Triangle Transit bus service started in Fuquay-Varina last month. Town leaders were so excited, they woke up early to take the first ride to Raleigh, leaving from the community center at 6:05 a.m.
Nevermind that none of them work in Raleigh. They just wanted to be part of that small slice of the town’s history – and be part of a service they hope continues for decades, instead of just fading back into history.
The area is undergoing a large scale re-write of its transit options through the Wake County Transit Strategy, a partnership of area municipalities and transit organizations.
Towns such as Fuquay-Varina, with limited service, and Morrisville, with no bus service, stand to be the biggest winners.
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Since both towns will be new to transit if it does come, local leaders have a chance to make decisions on strategies such as the number and locations of bus stops.
Recently, a 78-member public transportation committee comprised of representatives from every town and major transit destination in Wake County divided into nine groups to think up future bus and rail routes.
Every group included bus service between Fuquay-Varina and Raleigh, said commissioner Ed Ridpath, one of Fuquay-Varina’s transit representatives. About half the groups included bus service to Holly Springs and Apex.
Ridpath spoke about the town’s public transportation future at the board’s annual retreat last weekend in Pinehurst.
“I think this is a good way for Fuquay-Varina to maintain our small-town atmosphere, but have access to the amenities of bigger cities like Raleigh,” he said.
Ridpath also said Fuquay-Varina is small enough that its buses likely will never be packed. That means a comfortable ride, he said, but a budget shortfall that would require town or county subsidies.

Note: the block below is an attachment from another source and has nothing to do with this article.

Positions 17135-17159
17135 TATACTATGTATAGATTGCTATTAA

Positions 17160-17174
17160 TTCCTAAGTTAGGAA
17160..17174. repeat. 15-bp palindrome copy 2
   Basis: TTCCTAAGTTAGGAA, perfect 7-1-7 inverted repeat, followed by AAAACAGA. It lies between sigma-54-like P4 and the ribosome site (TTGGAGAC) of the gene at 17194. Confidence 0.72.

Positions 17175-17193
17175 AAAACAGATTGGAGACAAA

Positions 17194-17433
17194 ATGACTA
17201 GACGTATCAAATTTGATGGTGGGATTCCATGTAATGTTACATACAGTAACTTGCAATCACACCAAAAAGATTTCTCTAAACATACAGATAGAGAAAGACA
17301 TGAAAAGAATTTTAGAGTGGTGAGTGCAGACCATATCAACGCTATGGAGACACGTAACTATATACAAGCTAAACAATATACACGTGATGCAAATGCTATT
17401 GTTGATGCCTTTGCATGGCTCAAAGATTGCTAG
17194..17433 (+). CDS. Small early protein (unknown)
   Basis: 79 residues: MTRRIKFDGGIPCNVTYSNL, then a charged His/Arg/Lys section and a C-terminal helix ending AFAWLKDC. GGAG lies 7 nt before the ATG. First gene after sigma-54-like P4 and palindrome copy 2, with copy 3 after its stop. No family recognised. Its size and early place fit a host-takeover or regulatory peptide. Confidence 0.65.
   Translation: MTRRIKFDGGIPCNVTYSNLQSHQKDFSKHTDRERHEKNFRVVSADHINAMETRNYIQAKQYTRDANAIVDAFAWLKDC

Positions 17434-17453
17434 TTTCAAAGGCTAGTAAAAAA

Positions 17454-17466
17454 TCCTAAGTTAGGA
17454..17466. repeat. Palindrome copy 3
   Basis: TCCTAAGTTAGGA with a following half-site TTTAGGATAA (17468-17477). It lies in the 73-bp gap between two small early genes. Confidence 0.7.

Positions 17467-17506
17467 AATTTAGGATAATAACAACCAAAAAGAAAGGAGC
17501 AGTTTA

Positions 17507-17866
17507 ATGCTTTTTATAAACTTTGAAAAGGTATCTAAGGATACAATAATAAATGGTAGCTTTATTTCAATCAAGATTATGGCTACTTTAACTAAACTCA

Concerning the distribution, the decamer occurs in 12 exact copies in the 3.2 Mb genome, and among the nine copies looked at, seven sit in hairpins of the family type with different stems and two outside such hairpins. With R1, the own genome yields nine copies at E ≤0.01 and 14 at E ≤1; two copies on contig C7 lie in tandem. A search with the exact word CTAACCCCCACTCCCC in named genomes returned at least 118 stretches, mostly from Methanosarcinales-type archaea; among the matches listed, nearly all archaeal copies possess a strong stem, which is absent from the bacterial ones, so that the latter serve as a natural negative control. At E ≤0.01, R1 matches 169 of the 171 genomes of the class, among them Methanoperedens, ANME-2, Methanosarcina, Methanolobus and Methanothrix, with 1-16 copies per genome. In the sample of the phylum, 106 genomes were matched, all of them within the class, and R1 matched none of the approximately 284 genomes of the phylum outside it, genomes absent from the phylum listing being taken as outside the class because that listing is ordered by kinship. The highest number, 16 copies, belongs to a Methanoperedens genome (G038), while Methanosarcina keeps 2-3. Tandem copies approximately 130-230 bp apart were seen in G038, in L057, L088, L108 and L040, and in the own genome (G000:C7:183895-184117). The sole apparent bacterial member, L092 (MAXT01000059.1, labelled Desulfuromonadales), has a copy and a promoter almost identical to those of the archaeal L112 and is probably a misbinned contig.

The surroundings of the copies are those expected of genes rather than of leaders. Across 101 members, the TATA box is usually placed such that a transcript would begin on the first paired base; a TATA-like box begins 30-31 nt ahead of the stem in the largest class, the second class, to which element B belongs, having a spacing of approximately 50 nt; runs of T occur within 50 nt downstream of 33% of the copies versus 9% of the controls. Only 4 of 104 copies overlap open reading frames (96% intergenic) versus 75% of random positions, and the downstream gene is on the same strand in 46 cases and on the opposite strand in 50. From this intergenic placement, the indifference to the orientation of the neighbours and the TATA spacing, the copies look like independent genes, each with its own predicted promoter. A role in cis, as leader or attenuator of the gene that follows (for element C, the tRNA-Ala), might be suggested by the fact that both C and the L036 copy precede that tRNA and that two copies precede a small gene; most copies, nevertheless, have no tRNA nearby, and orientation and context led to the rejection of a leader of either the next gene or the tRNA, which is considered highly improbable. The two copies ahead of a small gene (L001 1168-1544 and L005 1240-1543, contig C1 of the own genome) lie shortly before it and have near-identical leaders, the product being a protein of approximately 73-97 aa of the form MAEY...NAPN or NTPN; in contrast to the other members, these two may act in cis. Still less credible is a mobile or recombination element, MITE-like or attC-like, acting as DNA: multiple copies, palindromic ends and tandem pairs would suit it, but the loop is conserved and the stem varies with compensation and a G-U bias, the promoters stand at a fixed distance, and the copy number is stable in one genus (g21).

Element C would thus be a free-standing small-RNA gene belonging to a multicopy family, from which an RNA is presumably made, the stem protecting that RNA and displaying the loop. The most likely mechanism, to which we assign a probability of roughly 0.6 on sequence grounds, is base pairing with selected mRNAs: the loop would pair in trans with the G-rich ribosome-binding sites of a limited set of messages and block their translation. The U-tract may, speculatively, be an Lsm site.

Other board members said they would consider spending town money to keep the buses running.
“I would be open to helping the citizens of Fuquay-Varina afford it,” Mayor Pro Tem Charlie Adcock said.
Riders can buy daily, weekly or monthly passes. Rides are also free for state government workers. For everyone else, a monthly pass is $102, which can be out of reach for some, and a great deal for others.
Mayor John Byrne said on that first pre-dawn bus ride, he met a woman who worked at N.C. State University and was paying $400 a month for parking before the bus allowed her to drop that expense.
Mark Matthews, the assistant town manager who also sits on the transit advisory committee with Ridpath, said one thing the buses won’t do is noticeably ease congestion.
But they would allow the town to continue growing without congestion getting worse, especially if the growth comes in high-density developments along major thoroughfares, Matthews said.
Ridpath said that’s a good argument for another of the town’s short-term goals – revamping its development rules and possibly rezoning some parts of town to allow for denser housing development.
“These are arteries in town where we are going to have transit eventually,” he said of roads such as N.C. 55, N.C. 42 and U.S. 401. “So putting in high-density probably makes sense.”
Morrisville bus service
While Fuquay-Varina is considered a good transit destination because many residents commute away for work, Morrisville, a 30-minute drive to the north, is the opposite.
“Morrisville has a fairly high employment density compared to population density,” said Benjamin Howell, the town’s transportation director.
In both Morrisville and Fuquay-Varina local leaders will have a key choice to make between ridership and coverage.
Focusing on ridership means stopping only at high-density work and housing areas. Focusing on coverage means more stops that serve a wider area, but not as efficiently.
“We have to determine where on the spectrum we want to be,” Howell told the Morrisville Town Council last week.
The town will hold a public hearing on that choice at 6:30 p.m. Feb. 23, at Town Hall. Howell urged residents to read about the plans online and take a survey before the hearing.
The survey and other information can be found at ourtransitfuture.com.
Howell said the results will help county leaders decide whether to ask for a half-cent sales tax increase to fund these public transit expansions.
“There will be some sort of service in Morrisville,” Mayor Pro Tem Liz Johnson said. “So it’s our opportunity now to say do we want bus, light rail, commuter rail? And the best way to do that is read the report.”